|Estimating trends of population decline in long-lived marine species in the Mediterranean Sea based on fishers' perceptions|
|Maynou, F.; Sbrana, M.; Sartor, P.; Maravelias, C.; Kadavas, S.; Damalas, D.; Cartes, J.E.; Chato Osio, G. (2011). Estimating trends of population decline in long-lived marine species in the Mediterranean Sea based on fishers' perceptions. PLoS One 6(7): 10 pp. dx.doi.org/10.1371/journal.pone.0021818|
|In: PLoS One. Public Library of Science: San Francisco. ISSN 1932-6203, more|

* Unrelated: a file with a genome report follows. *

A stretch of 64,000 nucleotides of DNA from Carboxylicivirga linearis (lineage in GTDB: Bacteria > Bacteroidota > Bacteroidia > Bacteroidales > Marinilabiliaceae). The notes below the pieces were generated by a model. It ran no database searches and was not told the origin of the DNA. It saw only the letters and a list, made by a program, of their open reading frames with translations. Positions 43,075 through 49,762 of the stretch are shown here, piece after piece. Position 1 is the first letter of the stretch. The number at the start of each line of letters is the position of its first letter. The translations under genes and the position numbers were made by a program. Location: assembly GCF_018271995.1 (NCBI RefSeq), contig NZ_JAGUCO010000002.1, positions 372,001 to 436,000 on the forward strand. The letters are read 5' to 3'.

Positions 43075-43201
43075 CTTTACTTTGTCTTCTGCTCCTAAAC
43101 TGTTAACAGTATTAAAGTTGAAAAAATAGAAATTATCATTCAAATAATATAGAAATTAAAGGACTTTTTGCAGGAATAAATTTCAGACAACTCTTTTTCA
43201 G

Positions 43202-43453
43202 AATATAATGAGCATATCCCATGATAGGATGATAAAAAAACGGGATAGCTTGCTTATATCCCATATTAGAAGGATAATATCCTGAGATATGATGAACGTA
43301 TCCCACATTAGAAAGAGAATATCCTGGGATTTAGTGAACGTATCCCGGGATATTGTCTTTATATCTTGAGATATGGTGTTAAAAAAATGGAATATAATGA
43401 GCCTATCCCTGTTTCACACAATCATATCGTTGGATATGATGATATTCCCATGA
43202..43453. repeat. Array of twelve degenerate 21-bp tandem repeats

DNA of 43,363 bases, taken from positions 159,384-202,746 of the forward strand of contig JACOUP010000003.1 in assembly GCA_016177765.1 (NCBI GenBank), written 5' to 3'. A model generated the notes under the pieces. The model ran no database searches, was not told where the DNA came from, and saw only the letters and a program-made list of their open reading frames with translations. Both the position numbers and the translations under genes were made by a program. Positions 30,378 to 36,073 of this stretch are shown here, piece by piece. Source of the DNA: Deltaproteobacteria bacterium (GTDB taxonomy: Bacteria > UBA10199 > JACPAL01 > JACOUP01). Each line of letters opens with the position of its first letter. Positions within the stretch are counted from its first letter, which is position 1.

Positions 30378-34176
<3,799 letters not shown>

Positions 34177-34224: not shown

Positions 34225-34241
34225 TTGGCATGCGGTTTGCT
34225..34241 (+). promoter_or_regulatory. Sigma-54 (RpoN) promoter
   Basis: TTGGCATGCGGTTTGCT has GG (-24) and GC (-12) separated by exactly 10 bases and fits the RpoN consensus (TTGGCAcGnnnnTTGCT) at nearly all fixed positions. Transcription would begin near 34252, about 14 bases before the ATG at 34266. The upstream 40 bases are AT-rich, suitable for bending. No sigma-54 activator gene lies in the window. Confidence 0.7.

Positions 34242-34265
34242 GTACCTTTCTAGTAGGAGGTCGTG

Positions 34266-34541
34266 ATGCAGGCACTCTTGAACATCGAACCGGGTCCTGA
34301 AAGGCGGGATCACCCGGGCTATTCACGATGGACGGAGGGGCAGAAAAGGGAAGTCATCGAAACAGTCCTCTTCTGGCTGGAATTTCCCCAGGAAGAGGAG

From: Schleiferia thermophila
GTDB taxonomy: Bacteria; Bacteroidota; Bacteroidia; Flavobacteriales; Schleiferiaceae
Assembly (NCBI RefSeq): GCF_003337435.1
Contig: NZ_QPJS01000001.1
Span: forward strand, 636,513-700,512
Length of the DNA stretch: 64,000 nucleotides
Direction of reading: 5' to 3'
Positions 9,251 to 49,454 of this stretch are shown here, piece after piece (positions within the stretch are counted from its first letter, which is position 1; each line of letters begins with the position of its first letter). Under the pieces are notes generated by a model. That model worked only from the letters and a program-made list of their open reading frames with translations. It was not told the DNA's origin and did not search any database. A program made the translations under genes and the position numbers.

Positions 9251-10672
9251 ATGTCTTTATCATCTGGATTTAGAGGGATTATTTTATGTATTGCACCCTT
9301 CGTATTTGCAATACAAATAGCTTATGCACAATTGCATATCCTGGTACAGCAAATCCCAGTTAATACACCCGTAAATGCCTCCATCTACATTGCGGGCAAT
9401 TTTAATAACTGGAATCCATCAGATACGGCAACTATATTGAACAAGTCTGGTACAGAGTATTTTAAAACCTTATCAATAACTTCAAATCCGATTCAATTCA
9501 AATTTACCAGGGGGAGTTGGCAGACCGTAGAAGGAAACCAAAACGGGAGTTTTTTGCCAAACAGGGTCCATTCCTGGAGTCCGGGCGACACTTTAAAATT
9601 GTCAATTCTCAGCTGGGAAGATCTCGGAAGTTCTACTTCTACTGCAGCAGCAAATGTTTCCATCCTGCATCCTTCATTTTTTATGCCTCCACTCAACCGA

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We conducted interviews of a representative sample of 106 retired fishers in Italy, Spain and Greece, asking specific questions about the trends they perceived in dolphin and shark abundances between 1940 and 1999 (in three 20 year periods) compared to the present abundance. The large marine fauna studied were not target species of the commercial fleet segment interviewed (trawl fishery). The fishers were asked to rank the perceived abundance in each period into qualitative ordinal classes based on two indicators: frequency of sightings and frequency of catches (incidental or intentional) of each taxonomic group. The statistical analysis of the survey results showed that both incidental catches and the sighting frequency of dolphins have decreased significantly over the 60+ years of the study period (except for in Greece due to the recent population increase). This shows that fishers' perceptions are in agreement with the declining population trends detected by scientists. Shark catches were also perceived to have diminished since the early 1940s for all species. Other long-lived Mediterranean marine fauna (monk seals, whales) were at very low levels in the second half of the 20th century and no quantitative data could be obtained. Our study supports the results obtained in the Mediterranean and other seas that show the rapid disappearance (over a few decades) of marine fauna. We show that appropriately designed questionnaires help provide a picture of animal abundance in the past through the valuable perceptions of fishers. This information can be used to complement scientific sources or in some cases be taken as the only information source for establishing population trends in the abundance of sensitive species.